Sniffing Passwords, Rickrolling Toothbrushes

If you could dump the flash from your smart toothbrush and reverse engineer it, enabling you to play whatever you wanted on the vibrating motor, what would you do? Of course there’s no question: you’d never give up, or let down. Or at least that’s what [Aaron Christophel] did. (Videos, embedded below.)

But that’s just the victory lap. The race began with previous work by [Cyrill Künzi], who figured out that the NFC chip inside was used for a run-time counter, and managed to reset it by sniffing the password with an SDR as it was being transmitted. A great hack to be sure, but it only works for people with their own SDR setup.

With the goal of popularizing toothbrush-head-NFC-hacking, [Aaron] busted open the toothbrush itself, found the debug pins, dumped the flash, and got to reverse engineering. A pass through Ghidra got him to where the toothbrush reads the NFC tag ID from the toothbrush head. But how does it get from the ID to the password? It turns out that it runs a CRC on a device UID from the NFC tag itself and also a manufacturer’s string found in the NFC memory, and scramble-combines the two CRC values.

Sounds complicated, but the NFC UID can be read with a cellphone app, and the manufacturer’s string is also printed right on the toothbrush head itself for your convenience. Armed with these two numbers, you can calculate the password, and convince your toothbrush head that it’s brand new, all from the comfort of your smartphone! Isn’t technology grand?

We’re left guessing a little bit about the Rickroll hack, but we’d guess that once [Aaron] had the debug pins on the toothbrush’s microcontroller, he just couldn’t resist writing and flashing in a custom firmware. Talk about dedication.

[Aaron] has been doing extensive work on e-paper displays, but his recent work on the Sumup payment terminal is a sweet look at hacking into higher security devices with acupuncture needles.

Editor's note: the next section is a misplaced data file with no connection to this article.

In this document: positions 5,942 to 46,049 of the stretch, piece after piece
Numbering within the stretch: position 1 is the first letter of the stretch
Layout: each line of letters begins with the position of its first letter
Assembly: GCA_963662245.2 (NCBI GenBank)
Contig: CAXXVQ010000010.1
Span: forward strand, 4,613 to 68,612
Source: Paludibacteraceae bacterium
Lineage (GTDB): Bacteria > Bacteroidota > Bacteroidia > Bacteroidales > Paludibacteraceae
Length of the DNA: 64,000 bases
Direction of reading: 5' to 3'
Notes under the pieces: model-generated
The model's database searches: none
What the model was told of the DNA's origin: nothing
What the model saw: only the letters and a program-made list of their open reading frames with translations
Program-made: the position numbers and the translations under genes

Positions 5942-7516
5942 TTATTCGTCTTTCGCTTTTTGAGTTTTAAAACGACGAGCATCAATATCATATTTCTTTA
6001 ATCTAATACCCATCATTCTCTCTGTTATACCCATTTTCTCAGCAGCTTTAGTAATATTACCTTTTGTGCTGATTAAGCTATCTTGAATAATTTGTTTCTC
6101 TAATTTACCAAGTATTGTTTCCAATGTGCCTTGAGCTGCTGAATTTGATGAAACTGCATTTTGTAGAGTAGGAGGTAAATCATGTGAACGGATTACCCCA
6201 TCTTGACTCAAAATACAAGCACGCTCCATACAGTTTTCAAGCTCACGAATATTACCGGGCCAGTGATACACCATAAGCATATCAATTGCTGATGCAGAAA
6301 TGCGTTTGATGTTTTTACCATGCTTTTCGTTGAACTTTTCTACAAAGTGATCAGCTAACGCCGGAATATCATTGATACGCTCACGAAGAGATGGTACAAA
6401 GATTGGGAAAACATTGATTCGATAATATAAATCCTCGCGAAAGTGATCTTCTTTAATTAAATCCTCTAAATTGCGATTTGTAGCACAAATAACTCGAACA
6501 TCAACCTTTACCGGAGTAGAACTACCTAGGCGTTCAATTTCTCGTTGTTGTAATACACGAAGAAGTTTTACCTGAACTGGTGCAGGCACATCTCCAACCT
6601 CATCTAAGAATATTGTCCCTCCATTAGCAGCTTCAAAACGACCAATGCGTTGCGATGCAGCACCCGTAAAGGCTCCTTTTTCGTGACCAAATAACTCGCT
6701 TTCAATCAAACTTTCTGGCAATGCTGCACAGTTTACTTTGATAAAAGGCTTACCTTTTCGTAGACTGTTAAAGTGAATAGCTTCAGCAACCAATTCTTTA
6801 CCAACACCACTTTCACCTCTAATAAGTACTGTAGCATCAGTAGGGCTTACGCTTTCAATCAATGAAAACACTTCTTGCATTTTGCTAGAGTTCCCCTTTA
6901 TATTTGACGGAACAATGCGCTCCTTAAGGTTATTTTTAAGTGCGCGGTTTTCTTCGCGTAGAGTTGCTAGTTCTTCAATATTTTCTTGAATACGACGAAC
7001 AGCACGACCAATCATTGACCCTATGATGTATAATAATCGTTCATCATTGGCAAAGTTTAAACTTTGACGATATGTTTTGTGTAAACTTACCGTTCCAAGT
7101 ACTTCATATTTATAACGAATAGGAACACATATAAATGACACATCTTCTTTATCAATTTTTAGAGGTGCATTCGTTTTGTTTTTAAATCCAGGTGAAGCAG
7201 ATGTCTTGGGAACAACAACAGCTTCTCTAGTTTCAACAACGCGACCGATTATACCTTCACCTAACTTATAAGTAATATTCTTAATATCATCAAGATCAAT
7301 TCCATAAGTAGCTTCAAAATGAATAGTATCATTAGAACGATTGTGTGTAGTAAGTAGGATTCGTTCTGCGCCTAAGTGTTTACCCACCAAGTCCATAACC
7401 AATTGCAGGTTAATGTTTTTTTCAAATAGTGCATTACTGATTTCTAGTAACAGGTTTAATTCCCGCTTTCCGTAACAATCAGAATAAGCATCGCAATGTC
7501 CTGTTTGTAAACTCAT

14 thoughts on “Sniffing Passwords, Rickrolling Toothbrushes

  1. Being employed by P&G i would say that is not a toothbrush I would put in my mouth.

    And the ion brushes have ips led displays among other thing and way more fun to hack and play around with.

      1. P&G make cheap copies of this brush, which isn’t so much overpriced as the replaceable brushes are _insanely_ overpriced. You can get a knockoff with 3 heads for the price of one replacement head.

        I doubt they sell many anymore. The Chinese knockoffs are even cheaper and just as good.

      2. I think it’s because P&G owns Oral B, the other electric toothbrush manufacturer, so he wouldn’t recommend a Philips model.
        I used both (Orab B and Philips) and I stick to the Dutch.

        1. I use Oral B toothbrushes for at least 20 years and i’m pretty satisfied: no failure, and battery lasting i would said about 5/6 years. I believe that not letting the recharging base powered 24h/day but only recharge about once a week, when only 1 charge light is remaining, probably extend the lifetime of the battery.
          Beside that, i decided to try Philips HC3806 cordless Power Flosser 3000 and bought one 6 months ago. I was pretty satisfied with it… until it sudendly stopped working: motor turns on half a second and stops with all leds blinking. This failure is not described in the manual. And when trying to connect the charger, leds are blinking quite erraticaly, so i believe this is something related to power circuitry. Some other people are complaining to have the same problem on the Internet.
          So for a first experience with Philips, it is rather deceptive!

          1. I had something similar with my beard trimmer. Wouldn’t turn on, weird flashing lights. I thought it was broken and contacted the manufacturer, turns out it has a travel mode so it doesn’t accidentally turn on in your bag or luggage. Felt like an idiot, I had never heard of such a thing.

          2. I have an oral b that is about 10 years old and is now on its third (or forth – I forget) battery. It is pretty simple to swap them out and the rest of the device is very durable. I think what will finally kill it is actually the rubber on the handle wearing off.

    1. Or half sarcasm tags, because I was torn between how cool it is to be able to flash custom songs into toothbrushes, and how dystopic it is that the toothbrush heads have NFC in ’em.

      I think this state of limbo is where Hackaday resides. :)

      But I had so much fun writing “toothbrush”, “NFC”, and “Ghidra” in the same paragraph that I just had to comment on it.

  2. I worked on this toothbrush. Sonicare is located in Bothell, Washington for the curious. For a going away present for one of our co-workers, I recorded everyone on our team say “goodbye”, and played it through the motor with some custom firmware.

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